Dreyfuss: I also think Drogon was trying to suggest democracy when he melted the throne, but since he can't speak, and him understanding political systems makes no sense, it fell to Sam to translate.Watercutter: Yes, laughing at democracy was wack. Also, in terms of using the show as a real-world allegory, I think that particular moment—and the entire notion of putting Bran and Tyrion in charge—speaks to this weird undercurrent in the finale that seemed to say "It's really not possible to change things that much." When you think of Dany as a revolutionary, as someone who wanted to upend the system, and then you see her portrayed as someone who want mad and/or became a tyrant, then the show is saying, "Actual upheaval is unlikely, perhaps impossible." After all of the death and destruction and freeing of enslaved people and liberation of the North, we're still left with a monarchy—a system with a king, a Hand, a Master of Coin, etc. etc. Aside from the fact that the rulers seem like slightly better people, not much has changed. The Wheel barely broke a spoke.
The Queen in the NorthEllis: Sansa is way more qualified to rule all of Westeros than Bran, but I was OK with her alternate ending. She's become wise enough to know that the Seven Kingdoms are likely to succumb to drama, and has chosen to use that wisdom to protect her own. The people of Winterfell are fortunate.Dreyfuss: Giving her the North was a consolation prize. If the point of that roundtable was to show us that Sansa was clearly the boss (when she tells that Edmure Tully to "sit down," you know she's already the Queen) and yet the men don't respect her, and thereby make a comment on what it's like to be a woman seeking election in modern day America, then great, fine, it succeeded in making its point. Sansa got treated the way women around the world get treated every day: overlooked and passed over and then placated by being "given" an inferior role.
The Endings That Could've BeenPeter Rubin: I'm just gonna say it: Beyond some of the jaw-dropping moment-to-moment choices, I didn't hate the episode. That's probably mostly a combination of just wanting it to be over and being truly exhausted by the fan outcry. By the time the credits rolled I didn't really care anymore. Did I want Arya to put on a face and take out Dany? I did. Did I want Brienne to start her own page in the Wikipedia of Knights rather than redeeming Jaime's? I did. Was I holding out hope for a Hot Pie cameo? You know this. But to those complaining about Bran being king, I say: WHO CARES? A time-transcending non-philanderer with few emotions is arguably one of the best choices you could have. Besides, my favorite characters are off on life paths that seem to suit them, and hopefully Bronn and Ser Davos will get a zippy theme song for their new Veep-style bureaucracy buddy comedy. That being said, the parade of epilogues went by pretty quickly, and I'm sure some of you have some ideas of what you would have preferred—so let's hear 'em.Dreyfuss: I think it's a fool's errand to map out how this one episode could have ended differently and been satisfying. As I said last week, the whole final season was so rushed and phoned in that I don't think there was a way for this one episode to redeem all that. That said, this was worse than I expected it to be and at fault was not just the choice of Bran the Pointless to lead or the sexism of overlooking Sansa or the idiocy of Drogon suddenly having nuanced political opinions and Grey Worm being disloyal, but also the style of storytelling. The episode was mostly exposition rather than scene. It broke with the norms of the show by jumping forward in time after the opening gambit. It was rushed and yet Tyrion got at least three monologues and was suddenly smart after being insanely stupid for two seasons. There was enough time for him to rearrange the chairs of the Small Council table for five minutes, as though we were suddenly at an Off-Broadway production of Neil Simon's The Dinner Party. The list of dumb things goes on.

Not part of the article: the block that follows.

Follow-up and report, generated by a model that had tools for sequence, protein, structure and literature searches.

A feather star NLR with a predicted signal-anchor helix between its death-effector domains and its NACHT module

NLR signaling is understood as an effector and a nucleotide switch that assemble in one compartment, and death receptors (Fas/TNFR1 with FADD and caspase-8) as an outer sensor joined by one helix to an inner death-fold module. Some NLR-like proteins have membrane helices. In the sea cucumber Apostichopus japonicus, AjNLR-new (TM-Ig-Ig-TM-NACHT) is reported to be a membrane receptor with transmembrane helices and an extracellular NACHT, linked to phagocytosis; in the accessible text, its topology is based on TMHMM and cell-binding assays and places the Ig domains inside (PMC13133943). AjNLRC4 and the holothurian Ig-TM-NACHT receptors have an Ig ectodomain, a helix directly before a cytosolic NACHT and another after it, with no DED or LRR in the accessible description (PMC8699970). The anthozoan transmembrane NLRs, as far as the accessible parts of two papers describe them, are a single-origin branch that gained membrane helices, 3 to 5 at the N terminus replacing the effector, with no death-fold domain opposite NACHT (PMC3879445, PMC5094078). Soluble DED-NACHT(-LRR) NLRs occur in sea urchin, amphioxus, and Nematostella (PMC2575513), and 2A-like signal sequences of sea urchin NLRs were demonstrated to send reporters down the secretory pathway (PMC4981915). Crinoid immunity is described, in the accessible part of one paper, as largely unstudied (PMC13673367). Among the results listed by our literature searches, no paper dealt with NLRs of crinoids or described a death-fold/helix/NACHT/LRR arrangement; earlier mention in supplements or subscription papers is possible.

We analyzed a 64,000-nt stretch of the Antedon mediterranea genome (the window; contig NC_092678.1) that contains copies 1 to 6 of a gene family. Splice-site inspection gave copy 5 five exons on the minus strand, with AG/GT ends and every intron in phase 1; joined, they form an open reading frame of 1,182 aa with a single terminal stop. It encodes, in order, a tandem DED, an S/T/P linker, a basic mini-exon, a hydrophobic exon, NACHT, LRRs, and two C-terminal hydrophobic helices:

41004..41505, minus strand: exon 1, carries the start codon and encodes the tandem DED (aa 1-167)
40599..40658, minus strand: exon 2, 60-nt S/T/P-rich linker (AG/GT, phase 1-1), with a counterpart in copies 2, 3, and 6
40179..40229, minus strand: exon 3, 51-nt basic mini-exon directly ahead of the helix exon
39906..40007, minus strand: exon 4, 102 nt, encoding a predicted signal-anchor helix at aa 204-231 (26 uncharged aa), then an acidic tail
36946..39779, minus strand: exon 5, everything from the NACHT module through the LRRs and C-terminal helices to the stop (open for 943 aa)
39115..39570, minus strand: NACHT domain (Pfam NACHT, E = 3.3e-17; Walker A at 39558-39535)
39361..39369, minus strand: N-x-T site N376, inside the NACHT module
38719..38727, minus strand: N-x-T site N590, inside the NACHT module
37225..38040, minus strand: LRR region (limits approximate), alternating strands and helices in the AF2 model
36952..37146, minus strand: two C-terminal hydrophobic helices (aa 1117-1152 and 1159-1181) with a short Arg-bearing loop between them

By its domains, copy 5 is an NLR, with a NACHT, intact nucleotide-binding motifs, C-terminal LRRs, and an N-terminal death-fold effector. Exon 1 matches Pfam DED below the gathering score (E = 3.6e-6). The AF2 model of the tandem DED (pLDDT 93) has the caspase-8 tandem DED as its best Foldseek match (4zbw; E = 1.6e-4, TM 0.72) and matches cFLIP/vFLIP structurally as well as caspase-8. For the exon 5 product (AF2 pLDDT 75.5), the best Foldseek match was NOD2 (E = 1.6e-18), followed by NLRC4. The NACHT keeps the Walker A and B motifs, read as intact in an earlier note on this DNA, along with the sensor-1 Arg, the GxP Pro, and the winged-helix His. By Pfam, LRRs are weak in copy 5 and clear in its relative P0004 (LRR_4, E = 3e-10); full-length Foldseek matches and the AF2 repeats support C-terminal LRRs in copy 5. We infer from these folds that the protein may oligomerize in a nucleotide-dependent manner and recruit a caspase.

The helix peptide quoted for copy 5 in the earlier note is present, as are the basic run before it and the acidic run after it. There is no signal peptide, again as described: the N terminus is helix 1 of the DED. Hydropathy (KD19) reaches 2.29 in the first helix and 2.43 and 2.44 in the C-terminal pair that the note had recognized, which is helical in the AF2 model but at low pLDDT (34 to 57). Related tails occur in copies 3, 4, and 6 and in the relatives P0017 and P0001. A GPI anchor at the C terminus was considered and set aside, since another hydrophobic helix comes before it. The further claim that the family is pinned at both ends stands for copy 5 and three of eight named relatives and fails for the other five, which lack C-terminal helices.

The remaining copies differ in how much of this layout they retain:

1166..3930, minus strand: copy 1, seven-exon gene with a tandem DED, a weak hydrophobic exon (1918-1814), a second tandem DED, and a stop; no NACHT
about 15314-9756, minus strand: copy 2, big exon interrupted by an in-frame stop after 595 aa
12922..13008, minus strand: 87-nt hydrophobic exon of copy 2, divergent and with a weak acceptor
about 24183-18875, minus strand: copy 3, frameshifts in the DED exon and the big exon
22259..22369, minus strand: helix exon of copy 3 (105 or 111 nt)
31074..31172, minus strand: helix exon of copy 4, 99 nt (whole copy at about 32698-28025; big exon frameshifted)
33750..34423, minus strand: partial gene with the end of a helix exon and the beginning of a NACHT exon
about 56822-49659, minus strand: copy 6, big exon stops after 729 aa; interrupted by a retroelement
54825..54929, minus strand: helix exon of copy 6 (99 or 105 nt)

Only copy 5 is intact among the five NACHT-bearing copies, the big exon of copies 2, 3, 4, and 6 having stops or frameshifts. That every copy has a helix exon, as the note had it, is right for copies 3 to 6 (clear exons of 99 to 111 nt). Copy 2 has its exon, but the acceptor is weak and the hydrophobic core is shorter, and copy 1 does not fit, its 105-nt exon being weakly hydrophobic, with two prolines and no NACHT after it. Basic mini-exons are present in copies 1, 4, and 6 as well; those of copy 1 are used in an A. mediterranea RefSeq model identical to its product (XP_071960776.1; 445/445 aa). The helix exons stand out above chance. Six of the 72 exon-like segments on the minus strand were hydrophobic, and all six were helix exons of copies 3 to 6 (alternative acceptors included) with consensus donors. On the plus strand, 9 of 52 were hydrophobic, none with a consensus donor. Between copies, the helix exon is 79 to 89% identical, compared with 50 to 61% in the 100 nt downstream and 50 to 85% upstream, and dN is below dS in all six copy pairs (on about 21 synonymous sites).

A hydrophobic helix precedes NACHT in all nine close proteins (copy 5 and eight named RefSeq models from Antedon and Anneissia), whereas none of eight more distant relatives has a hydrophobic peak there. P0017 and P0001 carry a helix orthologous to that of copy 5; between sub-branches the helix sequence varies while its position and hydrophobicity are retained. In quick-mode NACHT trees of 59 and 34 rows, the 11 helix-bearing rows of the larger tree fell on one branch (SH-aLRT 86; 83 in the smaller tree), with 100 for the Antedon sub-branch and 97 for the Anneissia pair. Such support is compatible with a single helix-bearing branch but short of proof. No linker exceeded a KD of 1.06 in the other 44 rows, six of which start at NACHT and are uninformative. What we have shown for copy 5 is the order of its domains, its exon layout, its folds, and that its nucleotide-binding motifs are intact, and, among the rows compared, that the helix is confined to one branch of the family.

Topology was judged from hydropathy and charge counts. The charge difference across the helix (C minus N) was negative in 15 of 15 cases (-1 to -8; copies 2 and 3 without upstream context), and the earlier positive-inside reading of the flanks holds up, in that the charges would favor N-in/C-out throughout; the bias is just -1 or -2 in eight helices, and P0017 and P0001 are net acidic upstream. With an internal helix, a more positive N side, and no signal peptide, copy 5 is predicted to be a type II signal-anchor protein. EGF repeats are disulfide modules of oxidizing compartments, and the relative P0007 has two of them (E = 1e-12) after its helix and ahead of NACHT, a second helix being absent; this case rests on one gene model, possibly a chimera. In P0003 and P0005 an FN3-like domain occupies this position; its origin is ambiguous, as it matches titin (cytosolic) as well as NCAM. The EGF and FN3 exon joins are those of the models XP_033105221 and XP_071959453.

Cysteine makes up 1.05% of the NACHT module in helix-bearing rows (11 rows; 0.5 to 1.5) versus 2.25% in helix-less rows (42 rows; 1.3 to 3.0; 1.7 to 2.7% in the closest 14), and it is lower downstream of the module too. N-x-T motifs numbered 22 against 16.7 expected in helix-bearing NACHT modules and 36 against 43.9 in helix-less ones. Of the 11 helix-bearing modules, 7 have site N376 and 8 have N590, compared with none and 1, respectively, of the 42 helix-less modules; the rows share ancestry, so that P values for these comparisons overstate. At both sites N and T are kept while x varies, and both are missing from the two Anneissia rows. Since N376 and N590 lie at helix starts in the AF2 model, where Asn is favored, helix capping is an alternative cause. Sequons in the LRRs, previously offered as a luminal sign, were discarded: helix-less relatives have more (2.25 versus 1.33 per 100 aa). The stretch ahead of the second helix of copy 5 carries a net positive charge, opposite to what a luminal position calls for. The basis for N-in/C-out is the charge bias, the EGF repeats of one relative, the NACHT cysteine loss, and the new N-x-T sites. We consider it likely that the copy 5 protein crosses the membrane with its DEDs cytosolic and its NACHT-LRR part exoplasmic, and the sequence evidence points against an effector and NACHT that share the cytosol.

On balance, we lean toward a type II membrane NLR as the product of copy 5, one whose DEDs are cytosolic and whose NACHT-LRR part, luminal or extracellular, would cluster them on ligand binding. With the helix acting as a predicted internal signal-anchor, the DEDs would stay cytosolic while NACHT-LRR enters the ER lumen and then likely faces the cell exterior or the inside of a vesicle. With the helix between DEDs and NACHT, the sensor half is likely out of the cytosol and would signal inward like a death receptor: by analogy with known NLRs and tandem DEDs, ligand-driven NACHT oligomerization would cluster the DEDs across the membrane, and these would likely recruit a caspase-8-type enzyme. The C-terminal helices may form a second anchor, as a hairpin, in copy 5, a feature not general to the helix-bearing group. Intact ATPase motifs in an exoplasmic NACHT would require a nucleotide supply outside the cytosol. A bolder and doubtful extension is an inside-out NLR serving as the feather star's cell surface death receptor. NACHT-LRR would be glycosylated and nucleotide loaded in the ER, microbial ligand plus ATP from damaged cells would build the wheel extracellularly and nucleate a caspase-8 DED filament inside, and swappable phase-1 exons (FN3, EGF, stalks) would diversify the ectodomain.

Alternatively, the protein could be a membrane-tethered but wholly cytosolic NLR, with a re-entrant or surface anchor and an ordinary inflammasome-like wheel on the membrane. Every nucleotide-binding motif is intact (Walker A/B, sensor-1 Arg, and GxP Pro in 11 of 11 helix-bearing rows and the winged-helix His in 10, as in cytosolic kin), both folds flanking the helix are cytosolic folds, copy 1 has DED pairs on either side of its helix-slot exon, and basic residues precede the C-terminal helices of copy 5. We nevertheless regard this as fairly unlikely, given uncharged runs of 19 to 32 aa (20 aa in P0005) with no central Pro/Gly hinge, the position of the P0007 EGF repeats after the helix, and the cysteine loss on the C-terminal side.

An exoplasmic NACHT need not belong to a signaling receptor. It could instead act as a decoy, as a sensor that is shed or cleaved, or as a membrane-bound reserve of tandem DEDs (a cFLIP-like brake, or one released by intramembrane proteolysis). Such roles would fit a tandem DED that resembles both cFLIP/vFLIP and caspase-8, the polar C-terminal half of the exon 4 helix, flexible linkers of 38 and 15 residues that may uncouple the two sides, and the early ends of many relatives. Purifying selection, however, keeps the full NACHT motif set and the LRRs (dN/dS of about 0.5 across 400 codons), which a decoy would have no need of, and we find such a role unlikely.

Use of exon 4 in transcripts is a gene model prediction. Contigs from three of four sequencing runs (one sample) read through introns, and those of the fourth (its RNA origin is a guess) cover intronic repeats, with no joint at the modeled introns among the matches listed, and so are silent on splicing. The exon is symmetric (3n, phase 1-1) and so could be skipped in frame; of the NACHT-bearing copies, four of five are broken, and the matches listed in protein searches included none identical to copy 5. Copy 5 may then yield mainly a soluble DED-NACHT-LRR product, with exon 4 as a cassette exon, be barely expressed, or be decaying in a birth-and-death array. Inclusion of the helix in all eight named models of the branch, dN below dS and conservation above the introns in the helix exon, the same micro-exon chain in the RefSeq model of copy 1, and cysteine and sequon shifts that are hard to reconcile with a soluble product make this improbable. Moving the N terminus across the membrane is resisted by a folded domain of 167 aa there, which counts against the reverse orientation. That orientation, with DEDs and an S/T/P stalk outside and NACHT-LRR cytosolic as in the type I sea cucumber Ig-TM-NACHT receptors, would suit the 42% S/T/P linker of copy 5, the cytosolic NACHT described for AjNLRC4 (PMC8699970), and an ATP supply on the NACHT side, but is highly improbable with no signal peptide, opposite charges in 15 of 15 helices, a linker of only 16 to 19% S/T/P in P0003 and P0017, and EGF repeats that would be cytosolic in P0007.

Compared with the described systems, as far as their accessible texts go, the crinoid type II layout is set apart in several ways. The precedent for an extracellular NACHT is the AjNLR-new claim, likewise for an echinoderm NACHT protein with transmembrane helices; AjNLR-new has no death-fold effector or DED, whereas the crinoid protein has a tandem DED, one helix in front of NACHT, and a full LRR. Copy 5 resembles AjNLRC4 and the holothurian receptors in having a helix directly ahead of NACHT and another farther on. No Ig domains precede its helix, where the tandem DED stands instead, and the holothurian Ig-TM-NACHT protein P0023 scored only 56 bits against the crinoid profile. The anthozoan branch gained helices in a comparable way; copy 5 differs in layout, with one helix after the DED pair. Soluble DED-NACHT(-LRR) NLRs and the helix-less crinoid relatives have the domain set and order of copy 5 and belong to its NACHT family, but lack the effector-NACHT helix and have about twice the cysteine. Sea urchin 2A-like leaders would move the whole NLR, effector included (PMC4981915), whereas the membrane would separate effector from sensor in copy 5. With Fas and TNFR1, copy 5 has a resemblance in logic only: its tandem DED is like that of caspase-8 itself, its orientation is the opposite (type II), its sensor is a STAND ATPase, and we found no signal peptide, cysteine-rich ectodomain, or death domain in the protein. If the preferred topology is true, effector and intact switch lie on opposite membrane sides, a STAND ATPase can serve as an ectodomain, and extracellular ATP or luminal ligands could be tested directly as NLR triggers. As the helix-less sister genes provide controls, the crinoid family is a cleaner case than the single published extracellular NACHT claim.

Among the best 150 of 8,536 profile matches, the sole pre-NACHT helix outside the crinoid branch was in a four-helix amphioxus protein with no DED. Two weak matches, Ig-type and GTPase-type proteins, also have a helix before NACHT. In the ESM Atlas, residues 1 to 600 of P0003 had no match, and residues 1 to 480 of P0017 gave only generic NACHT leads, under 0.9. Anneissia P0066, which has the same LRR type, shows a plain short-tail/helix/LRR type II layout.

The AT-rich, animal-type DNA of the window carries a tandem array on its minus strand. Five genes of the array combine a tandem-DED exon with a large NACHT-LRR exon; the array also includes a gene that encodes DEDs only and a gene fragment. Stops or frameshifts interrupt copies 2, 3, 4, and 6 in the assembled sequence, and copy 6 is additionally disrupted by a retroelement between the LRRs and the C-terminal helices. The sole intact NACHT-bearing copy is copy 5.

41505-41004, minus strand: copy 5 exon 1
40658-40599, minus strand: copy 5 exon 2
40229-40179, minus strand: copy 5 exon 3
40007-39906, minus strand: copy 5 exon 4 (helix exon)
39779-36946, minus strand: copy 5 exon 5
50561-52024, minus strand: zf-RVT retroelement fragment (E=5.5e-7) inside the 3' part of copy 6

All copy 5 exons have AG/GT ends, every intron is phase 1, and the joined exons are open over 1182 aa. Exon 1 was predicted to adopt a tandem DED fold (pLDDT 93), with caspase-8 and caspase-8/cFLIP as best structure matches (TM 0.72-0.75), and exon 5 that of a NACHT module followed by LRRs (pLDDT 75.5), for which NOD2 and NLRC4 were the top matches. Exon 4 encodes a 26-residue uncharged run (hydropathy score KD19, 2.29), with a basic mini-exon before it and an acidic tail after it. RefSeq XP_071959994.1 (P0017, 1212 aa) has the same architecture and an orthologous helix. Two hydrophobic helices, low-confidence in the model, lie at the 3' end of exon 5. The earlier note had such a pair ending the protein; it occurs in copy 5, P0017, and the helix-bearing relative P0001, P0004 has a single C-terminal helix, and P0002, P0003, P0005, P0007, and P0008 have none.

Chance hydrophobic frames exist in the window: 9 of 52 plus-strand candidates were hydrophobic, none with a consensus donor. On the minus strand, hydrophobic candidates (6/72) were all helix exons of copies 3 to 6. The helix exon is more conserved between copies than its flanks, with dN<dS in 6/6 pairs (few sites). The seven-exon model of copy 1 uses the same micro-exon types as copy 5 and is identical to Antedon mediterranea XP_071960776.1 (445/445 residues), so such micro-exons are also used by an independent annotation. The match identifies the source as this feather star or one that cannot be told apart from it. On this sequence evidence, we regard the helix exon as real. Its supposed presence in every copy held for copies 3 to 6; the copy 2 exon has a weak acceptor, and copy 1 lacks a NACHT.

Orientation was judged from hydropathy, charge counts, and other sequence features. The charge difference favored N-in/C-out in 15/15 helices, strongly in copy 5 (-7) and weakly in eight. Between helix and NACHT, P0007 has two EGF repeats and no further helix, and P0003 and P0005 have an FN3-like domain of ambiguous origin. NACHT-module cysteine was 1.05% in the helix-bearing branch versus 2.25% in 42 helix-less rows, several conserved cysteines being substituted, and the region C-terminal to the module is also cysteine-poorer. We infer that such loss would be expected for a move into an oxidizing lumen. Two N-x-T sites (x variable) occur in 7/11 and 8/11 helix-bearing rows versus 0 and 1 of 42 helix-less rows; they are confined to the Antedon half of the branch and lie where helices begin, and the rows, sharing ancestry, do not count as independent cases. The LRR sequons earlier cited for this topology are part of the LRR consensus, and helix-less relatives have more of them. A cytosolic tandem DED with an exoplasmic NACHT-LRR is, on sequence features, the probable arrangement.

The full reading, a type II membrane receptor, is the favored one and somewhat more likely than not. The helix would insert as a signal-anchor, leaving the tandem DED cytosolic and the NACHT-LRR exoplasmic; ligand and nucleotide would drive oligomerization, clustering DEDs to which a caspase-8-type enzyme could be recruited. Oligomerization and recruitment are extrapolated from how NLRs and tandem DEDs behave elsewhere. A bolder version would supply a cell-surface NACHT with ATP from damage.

But if we are talking about completely different endings? Where the season was paced appropriately? I would have loved for everyone to die, leaving only Sam to actually, seriously invent democracy.